4. If my files are stored locally, and the solution can play the filetypes needed... then, no. I wouldn't have any need to transcode.


5. Yes, I would like to create backup copies of my physical media. I could use the solution to simply play these backups, as my current laptop can handle the ripping of DVD/BD. As long as the solution is able to play the resulting .ISO and .MKV files, thats golden.


6. I have (2) 2.5TB drives. As mentioned, however, these can be directly attached and do not need to be accessed remotely.


7. Standalone.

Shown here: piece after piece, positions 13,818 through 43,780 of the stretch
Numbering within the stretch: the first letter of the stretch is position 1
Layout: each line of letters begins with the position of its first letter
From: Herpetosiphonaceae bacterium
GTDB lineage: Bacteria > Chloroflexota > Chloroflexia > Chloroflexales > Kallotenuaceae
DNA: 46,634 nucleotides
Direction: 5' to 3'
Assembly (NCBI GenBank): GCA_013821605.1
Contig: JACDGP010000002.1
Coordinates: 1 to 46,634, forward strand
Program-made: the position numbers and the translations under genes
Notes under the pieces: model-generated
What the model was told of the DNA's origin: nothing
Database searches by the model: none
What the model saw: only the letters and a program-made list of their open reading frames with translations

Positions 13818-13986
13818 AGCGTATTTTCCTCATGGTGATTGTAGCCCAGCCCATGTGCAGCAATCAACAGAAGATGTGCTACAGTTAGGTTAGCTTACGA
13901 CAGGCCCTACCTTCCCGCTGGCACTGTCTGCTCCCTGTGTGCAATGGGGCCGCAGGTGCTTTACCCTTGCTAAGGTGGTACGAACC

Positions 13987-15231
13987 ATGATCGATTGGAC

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Building it is very easy, the hardware part. It takes a little more time to set up the software, but nothing you could not handle. 2-3 hours tops including the OS, especially if you follow a guide for 7MC/XBMC.


The Macbook will have trouble playing back BD content, that CPU is to low-end for software decoding and the GPU doesn`t support h/264 or VC-1 hardware decoding on either Win 7 or OS X Snow Leopard, neither does it support HD audio bitstreaming.
 

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Discussion Starter · #7 ·
I've used Boxee/Plex/XBMC extensively running Snow Leopard, so I'm familiar with the software. I haven't used a Windows operating system since XP, but I'm sure it wouldn't be too difficult to figure out.


Does building a HTPC hardware-wise require any sort of soldering? I'm terrified that I'll spend upwards to 750$ on the parts, put it together, and have it short-out and overheat.